CAG Position Paper
Assessment and Evaluation of Gifted Servicesceleration
The California Association for the Gifted (CAG) periodically publishes position papers that deal with issues, policies, and practices that have an impact on the education of gifted and talented students. All position papers approved by the CAG Board of Directors are consistent with the organization’s philosophy and mission, and the current research in the field.
The position papers support the organization’s belief in the value and uniqueness of all individuals, its respect for diversity present in our society, and its commitment to honoring the similarities and differences among all students. CAG encourages the provision of educational opportunities that are appropriate to challenge and nurture the growth of each child’s potential. The organization is especially mindful of the need for advocacy for individuals who have developed or show the promise of developing intellectual abilities and talents at high levels.
Assessment and evaluation are key elements used in designing, implementing, and improving quality programs for gifted learners. The evaluation begins with the assessment of academic, social- emotional, and problem solving skills of the students being served. It continues with an assessment of the current learning environment, teaching strategies, and partnerships with parents, community, and services that extend beyond the confines of the traditional school. This information becomes the basis for a program designed to meet the goals delineated in the Gifted and Talented Education (GATE) Plan.
Once gifted services are in place a regular and ongoing evaluation process is critical to determine whether a program is being implemented as designed, is effective in meeting the program goals, or whether revisions of the program are needed.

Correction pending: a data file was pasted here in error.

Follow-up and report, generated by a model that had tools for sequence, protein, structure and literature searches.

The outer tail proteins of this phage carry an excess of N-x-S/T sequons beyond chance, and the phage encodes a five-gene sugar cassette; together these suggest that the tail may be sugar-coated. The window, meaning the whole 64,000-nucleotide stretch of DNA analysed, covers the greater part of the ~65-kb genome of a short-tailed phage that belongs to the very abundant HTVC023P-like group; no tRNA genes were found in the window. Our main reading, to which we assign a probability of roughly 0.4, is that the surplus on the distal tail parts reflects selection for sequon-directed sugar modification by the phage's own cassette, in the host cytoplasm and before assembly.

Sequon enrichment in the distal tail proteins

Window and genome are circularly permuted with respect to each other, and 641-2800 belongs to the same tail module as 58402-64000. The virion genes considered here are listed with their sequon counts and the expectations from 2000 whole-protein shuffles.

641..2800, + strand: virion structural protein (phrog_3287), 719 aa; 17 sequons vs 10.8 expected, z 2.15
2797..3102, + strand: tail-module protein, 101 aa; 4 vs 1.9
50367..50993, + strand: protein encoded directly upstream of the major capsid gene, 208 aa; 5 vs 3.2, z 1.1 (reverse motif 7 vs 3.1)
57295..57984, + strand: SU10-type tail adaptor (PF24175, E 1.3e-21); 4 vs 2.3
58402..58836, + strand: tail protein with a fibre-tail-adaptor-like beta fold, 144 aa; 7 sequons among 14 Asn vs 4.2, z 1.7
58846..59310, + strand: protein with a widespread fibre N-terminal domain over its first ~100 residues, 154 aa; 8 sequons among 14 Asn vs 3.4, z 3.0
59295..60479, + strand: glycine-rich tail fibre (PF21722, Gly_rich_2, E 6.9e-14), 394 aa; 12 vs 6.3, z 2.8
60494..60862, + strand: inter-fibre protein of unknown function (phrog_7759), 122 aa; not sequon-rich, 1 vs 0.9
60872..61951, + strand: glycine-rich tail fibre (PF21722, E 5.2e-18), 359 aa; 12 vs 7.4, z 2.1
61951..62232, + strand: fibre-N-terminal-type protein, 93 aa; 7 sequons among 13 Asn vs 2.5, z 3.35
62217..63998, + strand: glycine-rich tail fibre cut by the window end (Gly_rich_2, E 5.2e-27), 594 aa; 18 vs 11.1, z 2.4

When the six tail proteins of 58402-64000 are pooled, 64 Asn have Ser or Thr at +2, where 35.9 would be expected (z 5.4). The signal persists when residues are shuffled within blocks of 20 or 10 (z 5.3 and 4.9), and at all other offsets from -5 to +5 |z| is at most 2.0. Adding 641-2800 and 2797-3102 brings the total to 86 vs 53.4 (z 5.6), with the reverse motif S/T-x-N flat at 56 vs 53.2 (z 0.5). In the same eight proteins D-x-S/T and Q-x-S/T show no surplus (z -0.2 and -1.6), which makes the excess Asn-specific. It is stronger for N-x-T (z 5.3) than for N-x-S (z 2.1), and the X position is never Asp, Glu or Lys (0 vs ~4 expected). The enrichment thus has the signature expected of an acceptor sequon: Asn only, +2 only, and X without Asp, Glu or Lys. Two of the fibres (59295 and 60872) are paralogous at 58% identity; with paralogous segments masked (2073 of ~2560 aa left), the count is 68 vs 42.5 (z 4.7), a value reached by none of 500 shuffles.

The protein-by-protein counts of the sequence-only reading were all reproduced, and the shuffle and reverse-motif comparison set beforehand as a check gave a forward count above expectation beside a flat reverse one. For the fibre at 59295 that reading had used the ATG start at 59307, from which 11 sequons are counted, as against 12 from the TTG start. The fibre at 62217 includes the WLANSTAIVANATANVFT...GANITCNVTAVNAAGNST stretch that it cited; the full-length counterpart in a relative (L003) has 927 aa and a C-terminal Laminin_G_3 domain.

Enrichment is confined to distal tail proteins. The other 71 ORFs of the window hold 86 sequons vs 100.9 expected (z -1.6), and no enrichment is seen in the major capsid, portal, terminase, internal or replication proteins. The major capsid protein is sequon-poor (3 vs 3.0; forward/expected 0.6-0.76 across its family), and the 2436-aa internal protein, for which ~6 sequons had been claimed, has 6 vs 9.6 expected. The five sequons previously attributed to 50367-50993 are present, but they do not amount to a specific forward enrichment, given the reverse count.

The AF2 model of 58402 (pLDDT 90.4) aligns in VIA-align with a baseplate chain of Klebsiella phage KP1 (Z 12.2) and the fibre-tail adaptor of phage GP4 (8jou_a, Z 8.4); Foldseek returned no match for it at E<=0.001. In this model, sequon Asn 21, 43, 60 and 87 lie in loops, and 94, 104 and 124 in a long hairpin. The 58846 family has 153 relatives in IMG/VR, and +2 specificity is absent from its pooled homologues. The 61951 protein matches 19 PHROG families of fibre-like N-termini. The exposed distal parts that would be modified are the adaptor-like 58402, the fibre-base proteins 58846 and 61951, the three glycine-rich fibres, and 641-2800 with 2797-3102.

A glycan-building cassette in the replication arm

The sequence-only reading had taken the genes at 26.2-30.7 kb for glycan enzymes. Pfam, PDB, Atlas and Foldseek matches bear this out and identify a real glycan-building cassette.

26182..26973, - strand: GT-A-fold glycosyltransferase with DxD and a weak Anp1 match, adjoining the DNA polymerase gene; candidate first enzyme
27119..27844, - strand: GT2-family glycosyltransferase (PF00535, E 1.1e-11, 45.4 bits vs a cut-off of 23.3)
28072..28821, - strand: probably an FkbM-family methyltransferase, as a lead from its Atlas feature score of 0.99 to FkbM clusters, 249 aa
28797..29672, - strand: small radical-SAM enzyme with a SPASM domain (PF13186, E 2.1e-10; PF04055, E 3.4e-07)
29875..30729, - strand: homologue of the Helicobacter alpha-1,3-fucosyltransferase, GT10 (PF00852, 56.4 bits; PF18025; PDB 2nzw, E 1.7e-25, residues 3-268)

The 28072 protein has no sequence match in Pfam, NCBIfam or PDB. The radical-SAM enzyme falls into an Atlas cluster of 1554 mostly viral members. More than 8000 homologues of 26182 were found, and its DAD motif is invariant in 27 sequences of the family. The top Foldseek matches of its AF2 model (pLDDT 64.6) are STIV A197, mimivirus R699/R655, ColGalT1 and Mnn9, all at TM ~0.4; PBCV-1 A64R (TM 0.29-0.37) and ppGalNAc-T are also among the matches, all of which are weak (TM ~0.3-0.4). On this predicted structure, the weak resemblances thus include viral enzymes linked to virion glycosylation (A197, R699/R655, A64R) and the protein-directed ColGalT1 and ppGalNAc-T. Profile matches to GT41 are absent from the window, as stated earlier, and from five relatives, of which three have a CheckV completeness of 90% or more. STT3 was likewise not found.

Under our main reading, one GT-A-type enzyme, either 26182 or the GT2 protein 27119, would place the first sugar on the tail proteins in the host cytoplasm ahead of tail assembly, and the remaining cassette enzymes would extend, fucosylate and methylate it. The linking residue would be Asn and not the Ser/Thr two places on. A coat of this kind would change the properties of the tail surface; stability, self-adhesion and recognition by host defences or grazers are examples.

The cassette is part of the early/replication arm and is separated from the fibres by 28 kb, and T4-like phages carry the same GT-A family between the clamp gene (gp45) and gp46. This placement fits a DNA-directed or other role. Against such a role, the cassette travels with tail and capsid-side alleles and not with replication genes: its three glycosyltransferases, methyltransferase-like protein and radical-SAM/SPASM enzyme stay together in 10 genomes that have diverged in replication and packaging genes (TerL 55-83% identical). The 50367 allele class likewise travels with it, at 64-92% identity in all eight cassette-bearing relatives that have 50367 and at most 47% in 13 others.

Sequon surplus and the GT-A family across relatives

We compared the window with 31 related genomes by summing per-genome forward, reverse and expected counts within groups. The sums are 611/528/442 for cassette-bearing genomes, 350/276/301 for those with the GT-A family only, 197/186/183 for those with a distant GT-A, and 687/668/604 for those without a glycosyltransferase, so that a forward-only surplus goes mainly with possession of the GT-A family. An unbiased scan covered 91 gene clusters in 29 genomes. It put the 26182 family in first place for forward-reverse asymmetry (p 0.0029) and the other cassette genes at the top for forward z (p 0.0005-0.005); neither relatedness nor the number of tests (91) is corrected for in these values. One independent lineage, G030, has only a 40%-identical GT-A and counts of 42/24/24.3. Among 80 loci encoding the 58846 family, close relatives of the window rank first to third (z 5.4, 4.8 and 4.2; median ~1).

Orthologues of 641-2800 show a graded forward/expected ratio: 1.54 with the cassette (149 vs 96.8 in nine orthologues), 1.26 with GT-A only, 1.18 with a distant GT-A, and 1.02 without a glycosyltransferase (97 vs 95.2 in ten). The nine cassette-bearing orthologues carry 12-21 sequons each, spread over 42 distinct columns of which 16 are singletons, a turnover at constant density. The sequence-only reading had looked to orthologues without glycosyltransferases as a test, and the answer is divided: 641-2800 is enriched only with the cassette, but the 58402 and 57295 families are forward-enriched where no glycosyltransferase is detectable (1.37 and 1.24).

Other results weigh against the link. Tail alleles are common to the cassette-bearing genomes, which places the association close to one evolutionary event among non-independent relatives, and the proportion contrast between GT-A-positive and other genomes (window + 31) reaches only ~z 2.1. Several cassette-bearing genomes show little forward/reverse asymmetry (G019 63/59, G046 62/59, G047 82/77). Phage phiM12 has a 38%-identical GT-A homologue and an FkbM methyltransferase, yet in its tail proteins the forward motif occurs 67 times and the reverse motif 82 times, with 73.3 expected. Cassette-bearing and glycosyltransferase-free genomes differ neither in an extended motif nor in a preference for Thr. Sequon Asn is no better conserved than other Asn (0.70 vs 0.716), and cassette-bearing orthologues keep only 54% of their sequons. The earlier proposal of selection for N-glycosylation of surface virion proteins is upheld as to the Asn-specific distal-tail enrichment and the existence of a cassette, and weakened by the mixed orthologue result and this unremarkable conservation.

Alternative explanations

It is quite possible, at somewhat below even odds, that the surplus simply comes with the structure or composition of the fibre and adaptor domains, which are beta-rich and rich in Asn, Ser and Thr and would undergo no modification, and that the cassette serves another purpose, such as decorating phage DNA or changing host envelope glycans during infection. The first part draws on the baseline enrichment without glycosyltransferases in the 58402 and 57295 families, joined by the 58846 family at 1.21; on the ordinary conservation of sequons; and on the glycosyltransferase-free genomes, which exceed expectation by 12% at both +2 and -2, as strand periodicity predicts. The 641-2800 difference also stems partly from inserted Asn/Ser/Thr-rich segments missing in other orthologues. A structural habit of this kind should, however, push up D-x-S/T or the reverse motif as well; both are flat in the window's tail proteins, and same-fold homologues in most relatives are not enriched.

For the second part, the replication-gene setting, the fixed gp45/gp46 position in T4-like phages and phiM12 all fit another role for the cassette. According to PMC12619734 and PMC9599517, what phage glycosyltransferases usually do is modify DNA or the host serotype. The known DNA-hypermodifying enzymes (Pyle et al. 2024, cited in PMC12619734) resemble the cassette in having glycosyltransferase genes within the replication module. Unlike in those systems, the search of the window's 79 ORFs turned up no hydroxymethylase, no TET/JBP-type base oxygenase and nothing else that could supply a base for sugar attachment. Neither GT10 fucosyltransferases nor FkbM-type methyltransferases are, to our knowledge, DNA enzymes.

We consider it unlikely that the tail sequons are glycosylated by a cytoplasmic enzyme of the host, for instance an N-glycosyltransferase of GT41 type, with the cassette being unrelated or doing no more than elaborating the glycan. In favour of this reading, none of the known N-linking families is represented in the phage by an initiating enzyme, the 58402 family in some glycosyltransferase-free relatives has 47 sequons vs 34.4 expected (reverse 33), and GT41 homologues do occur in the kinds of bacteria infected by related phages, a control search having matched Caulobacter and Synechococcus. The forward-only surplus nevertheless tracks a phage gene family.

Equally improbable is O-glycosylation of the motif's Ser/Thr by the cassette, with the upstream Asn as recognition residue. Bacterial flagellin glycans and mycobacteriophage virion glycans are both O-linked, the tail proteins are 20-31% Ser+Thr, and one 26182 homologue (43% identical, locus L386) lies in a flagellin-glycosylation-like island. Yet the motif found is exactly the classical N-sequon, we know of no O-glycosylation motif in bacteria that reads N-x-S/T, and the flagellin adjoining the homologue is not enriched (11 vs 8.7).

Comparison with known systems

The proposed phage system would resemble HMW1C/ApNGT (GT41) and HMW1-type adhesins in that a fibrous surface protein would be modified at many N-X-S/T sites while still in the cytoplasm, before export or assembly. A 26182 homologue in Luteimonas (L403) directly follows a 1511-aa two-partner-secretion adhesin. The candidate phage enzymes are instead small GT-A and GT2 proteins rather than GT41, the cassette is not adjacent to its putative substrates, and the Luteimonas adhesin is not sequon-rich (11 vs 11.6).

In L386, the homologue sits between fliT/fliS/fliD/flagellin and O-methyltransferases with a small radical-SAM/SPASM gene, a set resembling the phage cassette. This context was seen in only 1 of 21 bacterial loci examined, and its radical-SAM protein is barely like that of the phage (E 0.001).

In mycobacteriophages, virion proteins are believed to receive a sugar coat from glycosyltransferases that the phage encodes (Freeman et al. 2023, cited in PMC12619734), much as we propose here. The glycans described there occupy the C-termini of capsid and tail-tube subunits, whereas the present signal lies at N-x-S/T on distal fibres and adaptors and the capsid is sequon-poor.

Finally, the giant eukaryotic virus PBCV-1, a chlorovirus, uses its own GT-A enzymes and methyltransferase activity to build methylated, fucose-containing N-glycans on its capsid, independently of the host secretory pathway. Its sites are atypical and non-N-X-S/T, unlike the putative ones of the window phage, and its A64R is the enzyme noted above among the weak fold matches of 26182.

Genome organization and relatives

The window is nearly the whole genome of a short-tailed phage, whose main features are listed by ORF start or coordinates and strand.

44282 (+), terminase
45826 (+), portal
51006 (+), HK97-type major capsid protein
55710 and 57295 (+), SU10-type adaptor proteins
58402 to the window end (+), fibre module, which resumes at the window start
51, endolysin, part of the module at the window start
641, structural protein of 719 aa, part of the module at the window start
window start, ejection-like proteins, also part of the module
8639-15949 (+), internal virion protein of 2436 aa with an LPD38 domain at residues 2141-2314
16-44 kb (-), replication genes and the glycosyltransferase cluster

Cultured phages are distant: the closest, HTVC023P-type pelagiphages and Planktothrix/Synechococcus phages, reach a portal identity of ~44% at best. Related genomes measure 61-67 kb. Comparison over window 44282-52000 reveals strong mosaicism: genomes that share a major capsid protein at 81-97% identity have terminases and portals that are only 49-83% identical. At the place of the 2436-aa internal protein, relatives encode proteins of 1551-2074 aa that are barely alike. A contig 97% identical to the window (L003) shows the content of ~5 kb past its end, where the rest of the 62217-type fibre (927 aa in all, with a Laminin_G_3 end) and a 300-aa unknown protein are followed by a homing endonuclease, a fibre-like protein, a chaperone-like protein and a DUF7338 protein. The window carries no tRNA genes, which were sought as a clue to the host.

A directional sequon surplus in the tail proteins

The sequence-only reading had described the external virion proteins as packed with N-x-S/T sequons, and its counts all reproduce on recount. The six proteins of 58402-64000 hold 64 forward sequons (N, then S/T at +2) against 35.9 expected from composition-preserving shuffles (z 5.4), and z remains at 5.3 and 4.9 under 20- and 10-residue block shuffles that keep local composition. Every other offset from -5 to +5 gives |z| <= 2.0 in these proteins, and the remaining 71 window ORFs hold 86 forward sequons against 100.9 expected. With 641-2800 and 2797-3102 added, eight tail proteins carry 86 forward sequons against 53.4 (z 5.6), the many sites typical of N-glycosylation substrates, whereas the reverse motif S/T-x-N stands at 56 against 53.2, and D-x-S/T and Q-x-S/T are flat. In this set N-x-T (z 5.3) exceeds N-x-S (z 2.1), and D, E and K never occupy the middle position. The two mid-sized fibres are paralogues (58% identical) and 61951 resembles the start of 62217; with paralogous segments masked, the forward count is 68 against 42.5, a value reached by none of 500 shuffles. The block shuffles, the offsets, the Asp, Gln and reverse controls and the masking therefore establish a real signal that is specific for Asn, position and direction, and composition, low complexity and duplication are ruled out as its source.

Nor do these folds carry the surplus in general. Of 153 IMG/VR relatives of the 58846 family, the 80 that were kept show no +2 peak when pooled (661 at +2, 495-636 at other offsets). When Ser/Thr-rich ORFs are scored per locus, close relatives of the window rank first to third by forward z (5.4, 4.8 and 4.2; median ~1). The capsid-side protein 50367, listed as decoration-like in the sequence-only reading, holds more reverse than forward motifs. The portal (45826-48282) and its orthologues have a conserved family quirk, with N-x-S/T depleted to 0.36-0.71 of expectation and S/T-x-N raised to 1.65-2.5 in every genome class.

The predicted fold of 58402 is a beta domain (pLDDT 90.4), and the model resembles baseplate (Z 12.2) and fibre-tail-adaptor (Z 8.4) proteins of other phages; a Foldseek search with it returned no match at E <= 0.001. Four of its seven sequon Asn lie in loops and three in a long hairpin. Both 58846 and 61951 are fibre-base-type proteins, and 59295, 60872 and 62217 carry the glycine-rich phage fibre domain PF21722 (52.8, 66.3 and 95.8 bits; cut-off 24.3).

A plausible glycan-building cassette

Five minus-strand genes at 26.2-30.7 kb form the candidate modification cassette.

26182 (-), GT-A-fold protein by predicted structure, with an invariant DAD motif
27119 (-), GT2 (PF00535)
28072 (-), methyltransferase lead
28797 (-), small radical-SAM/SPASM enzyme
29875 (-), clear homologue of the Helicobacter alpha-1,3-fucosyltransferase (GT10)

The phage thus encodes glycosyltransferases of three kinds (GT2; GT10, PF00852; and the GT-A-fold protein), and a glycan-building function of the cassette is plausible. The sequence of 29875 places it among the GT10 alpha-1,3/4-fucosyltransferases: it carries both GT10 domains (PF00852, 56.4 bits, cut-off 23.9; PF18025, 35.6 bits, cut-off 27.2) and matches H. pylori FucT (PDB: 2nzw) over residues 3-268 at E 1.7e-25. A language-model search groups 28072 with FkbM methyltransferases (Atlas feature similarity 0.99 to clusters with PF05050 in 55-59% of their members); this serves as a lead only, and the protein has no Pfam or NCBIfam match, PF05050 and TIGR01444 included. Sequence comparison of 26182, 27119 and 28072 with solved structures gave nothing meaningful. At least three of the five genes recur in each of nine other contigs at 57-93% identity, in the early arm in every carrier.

The evaluation of GATE programs must go beyond the measurement of student achievement indicated by state tests. In the development of an evaluation procedure, the effectiveness of all components of the GATE program must be considered. These include:
- district philosophy, goals, and standards for gifted and talented education
- procedures for identification
- structure and range of options for delivering services
- models and curricular modifications used and their implementation
- administrative and instructional personnel
- parents and the community involvement
- professional development in gifted and talented education
- resources available
- learning environments
- amount of time during the regular school day GATE students receive differentiated services
- program flexibility to meet changing needs of students
It is important that a GATE program plan include measurable goals in each of these areas. Without these goals and appropriate measures for them, it would be difficult to determine if a program is being effective in meeting gifted student needs. The assessment tools used in the evaluation of these goals should be varied, multiple, and valid for the goals being evaluated. Such tools could include the following: classroom observation, test results, questionnaires and rating scales, student portfolios, teacher self-evaluations, and student and parent reports. In addition, it is critical that the individuals who are doing the evaluation are familiar with the district as a whole, knowledgeable about gifted education, and competent in the evaluation process.